Back in 2010, I started reading a book titled Vehicles - Experiments in Synthetic Psychology written by Valentino Braitenberg in 1984.


Braitenberg was a cyberneticist and wrote this book as a series of thought experiments about simple vehicles that exhibit complex "personality" traits.

I got into this book because it excited me that something so simple as a vehicle with two sensors and two motors could "act" afraid, aggressive, exploratory, or even as if it loved a light source.

The most simple Braitenberg vehicle has a single sensor (light, CO2, Infrared, etc.) and a single motor (wheel, propeller, etc.).


The more the sensor is excited, the faster the motor runs. So, in the case of the basic vehicle (assuming a light sensor and a wheel), it would approach a light source quickly, then move slowly through the light, and start moving faster once it was out of the light. It would "prefer" the darkness, much like a cockroach. So, is the vehicle as intelligent as a cockroach?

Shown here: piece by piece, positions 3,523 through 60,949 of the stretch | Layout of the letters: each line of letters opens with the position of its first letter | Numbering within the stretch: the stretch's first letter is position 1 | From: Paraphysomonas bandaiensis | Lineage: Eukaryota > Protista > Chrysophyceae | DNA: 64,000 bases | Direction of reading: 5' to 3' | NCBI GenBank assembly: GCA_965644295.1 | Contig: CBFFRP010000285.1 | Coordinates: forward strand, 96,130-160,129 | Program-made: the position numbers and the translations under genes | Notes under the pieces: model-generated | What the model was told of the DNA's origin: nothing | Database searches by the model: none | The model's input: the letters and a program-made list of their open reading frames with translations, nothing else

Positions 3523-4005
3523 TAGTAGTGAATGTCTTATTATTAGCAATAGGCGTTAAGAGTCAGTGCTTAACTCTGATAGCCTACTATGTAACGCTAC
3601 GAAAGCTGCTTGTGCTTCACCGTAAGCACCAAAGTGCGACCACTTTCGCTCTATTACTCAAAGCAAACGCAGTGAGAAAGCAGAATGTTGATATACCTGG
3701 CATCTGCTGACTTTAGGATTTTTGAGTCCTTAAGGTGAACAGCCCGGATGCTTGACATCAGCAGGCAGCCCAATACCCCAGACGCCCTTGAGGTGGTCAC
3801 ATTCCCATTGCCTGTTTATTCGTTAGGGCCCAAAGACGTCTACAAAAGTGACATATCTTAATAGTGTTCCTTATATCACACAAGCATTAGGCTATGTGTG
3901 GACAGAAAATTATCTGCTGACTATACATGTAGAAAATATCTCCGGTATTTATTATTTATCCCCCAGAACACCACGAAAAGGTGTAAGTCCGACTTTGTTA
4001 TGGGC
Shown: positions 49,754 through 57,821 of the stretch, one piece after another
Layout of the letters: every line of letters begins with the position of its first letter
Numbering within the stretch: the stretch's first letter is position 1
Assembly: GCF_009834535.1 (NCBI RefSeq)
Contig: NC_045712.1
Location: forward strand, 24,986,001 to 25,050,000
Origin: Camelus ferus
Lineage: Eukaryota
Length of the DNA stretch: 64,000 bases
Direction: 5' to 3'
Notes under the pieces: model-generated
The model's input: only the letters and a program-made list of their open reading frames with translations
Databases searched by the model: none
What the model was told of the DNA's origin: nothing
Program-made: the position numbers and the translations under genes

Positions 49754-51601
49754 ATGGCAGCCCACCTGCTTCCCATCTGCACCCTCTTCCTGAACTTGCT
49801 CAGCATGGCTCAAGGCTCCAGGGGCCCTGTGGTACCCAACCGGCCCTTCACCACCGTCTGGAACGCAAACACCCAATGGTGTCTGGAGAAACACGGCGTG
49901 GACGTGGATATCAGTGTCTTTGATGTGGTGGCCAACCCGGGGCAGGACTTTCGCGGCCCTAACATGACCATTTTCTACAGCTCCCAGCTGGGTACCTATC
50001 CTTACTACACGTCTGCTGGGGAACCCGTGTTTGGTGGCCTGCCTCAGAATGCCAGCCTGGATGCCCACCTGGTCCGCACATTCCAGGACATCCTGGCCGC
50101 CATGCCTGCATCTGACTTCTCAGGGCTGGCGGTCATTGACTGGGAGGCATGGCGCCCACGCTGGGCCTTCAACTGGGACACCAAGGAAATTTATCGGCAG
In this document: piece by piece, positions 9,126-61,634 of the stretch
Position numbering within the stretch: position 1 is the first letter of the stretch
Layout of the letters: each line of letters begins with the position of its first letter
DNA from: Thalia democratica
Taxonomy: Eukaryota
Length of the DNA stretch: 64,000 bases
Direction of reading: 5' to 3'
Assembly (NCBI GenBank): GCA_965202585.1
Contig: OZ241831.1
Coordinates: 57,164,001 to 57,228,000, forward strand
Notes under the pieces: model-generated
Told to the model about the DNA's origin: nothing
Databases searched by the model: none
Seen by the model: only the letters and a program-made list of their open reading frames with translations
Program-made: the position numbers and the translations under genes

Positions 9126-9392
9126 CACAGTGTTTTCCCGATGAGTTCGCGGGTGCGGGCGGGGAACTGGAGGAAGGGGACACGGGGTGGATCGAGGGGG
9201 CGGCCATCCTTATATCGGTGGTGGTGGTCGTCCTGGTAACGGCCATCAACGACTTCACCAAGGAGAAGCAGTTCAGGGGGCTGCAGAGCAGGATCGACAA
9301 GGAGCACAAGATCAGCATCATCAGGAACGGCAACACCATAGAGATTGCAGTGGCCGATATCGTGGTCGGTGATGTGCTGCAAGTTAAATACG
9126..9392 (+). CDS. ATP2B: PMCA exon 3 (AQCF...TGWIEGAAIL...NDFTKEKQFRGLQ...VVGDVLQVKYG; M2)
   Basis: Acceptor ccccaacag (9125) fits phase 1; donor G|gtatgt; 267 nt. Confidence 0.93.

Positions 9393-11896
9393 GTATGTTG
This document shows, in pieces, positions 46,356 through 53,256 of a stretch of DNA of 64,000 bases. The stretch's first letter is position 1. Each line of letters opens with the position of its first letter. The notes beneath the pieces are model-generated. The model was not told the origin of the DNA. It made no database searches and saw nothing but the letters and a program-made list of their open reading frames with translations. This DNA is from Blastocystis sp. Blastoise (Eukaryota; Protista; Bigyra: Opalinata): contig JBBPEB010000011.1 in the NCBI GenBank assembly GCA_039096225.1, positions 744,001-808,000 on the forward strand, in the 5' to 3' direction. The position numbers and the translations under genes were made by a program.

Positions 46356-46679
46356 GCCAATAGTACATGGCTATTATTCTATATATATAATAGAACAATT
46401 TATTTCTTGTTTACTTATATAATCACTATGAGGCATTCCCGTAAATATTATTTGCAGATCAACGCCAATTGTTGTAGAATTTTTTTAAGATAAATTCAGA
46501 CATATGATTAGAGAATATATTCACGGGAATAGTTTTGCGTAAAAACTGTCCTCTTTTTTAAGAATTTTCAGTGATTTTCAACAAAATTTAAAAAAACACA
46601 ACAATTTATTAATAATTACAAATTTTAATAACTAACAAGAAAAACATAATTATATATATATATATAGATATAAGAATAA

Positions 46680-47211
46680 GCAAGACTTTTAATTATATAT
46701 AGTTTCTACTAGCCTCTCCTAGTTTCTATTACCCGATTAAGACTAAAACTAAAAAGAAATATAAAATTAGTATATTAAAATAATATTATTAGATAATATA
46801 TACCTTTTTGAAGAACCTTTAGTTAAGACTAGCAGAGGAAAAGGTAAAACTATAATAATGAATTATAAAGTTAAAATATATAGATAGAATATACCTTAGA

The next level of vehicle is one with two sensors and two motors, with differing arrangements of sensors and motor connections.


Vehicle a can be said to be afraid of the light, while vehicle b could be considered aggressive towards the light.

The book outlines many more experiments by adding different types of sensors and connecting them to the motors in different configurations to come up with complex simulated behaviors for such a simple design.

I've been tempted in the past to buy some motors and try some of these out myself. I think the FPGA would be a great platform to do this with because it would be easy to wire a sensor directly to a motor. Of course, I guess an Arduino or Raspberry Pi would be easier, since they already have SPI and I²C built in (which most sensors use for communication).

I like to sit and think about these vehicles and I still wonder, is this the most basic form of artificial intelligence? I like to imagine that you could replace a motor with a complex network of other motors and get more advanced behavior out of a vehicle. The book is fascinating and I highly recommend it if you're into robots, artificial intelligence, or programming.

Here is a short video on YouTube on the topic.